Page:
Select Committee on Treasury Minutes of Evidence

Examination of Witnesses (Questions 80 - 98)



  80. What about the limit of £1 million turnover on the businesses that the Code applies to? There are an awful lot of small businesses whose turnover is less than £1 million. They are particularly vulnerable to being badly dealt with by banks, are they not?
  (Mr Alambritis) The BBA has published a bank comparator account which is very helpful on the website and you can compare your bank charges. You key in your bank charges and then you compare it with any other bank, and that is a very useful tool introduced by the BBA. It is very confusing because all the banks have a different definition of small businesses and what they say qualifies for their free banking services. Certainly, having a definition of under £1 million is quite high. The vast majority of small businesses have a turnover of well below £100,000.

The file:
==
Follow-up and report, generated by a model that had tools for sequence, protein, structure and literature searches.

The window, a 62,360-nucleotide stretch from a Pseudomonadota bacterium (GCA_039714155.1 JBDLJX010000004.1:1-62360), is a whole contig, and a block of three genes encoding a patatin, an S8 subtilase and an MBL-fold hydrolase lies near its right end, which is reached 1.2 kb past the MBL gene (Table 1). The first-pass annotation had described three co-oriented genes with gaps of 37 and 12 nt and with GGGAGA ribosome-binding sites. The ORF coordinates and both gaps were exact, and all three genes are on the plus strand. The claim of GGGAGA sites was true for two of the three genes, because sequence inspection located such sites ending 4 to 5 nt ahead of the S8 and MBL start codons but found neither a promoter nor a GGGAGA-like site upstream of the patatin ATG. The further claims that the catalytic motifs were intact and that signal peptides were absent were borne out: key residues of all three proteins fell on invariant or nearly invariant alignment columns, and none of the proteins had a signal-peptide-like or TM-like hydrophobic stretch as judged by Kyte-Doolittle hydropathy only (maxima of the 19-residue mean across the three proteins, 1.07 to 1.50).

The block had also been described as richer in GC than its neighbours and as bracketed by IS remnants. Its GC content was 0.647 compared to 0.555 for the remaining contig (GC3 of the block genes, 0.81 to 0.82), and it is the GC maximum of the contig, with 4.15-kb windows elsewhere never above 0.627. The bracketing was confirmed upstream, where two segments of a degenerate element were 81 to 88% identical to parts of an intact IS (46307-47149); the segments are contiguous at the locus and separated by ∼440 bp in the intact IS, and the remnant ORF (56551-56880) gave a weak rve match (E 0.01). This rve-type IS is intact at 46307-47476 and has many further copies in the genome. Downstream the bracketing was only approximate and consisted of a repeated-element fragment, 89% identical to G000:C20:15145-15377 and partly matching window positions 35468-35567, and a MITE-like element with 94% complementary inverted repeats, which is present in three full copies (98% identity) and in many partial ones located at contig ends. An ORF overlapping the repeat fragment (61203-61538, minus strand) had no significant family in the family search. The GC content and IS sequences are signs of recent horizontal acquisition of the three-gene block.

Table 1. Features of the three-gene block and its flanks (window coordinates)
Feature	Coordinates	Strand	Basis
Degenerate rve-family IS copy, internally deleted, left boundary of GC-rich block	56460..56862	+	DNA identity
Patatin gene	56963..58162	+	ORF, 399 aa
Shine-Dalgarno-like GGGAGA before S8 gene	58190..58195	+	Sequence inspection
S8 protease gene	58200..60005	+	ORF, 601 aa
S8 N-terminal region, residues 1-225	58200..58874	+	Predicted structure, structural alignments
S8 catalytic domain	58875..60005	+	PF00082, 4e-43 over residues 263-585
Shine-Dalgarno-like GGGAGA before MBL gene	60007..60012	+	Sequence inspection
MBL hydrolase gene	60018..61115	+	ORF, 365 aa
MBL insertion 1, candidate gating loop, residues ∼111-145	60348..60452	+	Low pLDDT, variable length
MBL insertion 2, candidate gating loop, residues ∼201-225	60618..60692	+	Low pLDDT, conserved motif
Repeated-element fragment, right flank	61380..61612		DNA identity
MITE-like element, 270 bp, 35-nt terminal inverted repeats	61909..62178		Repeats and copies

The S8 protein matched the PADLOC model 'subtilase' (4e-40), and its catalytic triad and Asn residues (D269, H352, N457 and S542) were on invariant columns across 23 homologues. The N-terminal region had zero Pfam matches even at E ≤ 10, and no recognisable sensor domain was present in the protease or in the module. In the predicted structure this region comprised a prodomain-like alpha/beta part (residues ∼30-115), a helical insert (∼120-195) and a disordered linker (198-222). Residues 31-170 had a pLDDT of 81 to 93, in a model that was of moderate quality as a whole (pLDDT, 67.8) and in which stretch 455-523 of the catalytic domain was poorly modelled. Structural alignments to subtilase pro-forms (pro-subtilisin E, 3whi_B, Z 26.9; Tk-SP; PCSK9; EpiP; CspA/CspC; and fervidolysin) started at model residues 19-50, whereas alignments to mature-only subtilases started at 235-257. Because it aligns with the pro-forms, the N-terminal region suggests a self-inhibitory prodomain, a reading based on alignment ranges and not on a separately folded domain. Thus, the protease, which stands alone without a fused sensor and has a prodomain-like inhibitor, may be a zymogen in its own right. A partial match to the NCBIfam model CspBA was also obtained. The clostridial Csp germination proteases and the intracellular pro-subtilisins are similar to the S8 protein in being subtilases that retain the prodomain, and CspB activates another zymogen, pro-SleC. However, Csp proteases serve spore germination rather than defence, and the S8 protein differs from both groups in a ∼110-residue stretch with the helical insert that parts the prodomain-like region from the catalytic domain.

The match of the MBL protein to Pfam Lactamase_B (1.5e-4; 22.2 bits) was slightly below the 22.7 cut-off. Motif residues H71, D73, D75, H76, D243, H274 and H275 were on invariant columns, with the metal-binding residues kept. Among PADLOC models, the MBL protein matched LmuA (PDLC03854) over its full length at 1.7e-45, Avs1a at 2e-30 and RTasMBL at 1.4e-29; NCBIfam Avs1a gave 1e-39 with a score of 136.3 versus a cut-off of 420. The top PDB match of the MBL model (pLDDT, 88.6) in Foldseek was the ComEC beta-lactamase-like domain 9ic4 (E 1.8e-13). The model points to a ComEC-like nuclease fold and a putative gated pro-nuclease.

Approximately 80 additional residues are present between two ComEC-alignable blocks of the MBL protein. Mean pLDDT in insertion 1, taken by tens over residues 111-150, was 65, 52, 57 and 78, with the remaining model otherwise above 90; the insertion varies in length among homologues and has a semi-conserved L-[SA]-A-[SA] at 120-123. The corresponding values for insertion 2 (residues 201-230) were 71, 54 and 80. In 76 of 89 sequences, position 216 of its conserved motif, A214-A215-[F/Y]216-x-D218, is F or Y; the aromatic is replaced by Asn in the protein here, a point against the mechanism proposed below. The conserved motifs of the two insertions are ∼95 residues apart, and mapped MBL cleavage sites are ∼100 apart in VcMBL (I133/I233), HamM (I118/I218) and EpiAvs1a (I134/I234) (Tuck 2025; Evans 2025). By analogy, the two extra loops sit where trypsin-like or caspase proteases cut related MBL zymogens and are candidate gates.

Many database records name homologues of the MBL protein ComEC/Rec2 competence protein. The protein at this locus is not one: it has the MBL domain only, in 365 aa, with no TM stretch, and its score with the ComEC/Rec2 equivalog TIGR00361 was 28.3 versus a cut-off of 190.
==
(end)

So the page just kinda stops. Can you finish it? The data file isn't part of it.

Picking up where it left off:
81. As I understood it, the Banking Code does not apply to businesses with a turnover of less than £1 million?
  (Mr Alambritis) The Banking Code, as far as I understand it, with regard to the complaints procedure, if you have a complaint with the Ombudsman, it does not apply to businesses with a turnover above £1 million. That is my understanding.

  82. So you are quite happy in that respect, that the threshold has no limitation on -
  (Mr Alambritis) On the complaints procedure, that is fine with regard to the Ombudsman.

  Mr Beard: Thank you.

Mr Fallon

  83. Can I come to the central recommendation of the Competition Commission which should effectively be price controls, and the reaction from what I think you call third or fourth division banks, not perhaps the right label, but outside the big four, their immediate reaction was that this would deter them from entering the market. You reject that view in your submission; why?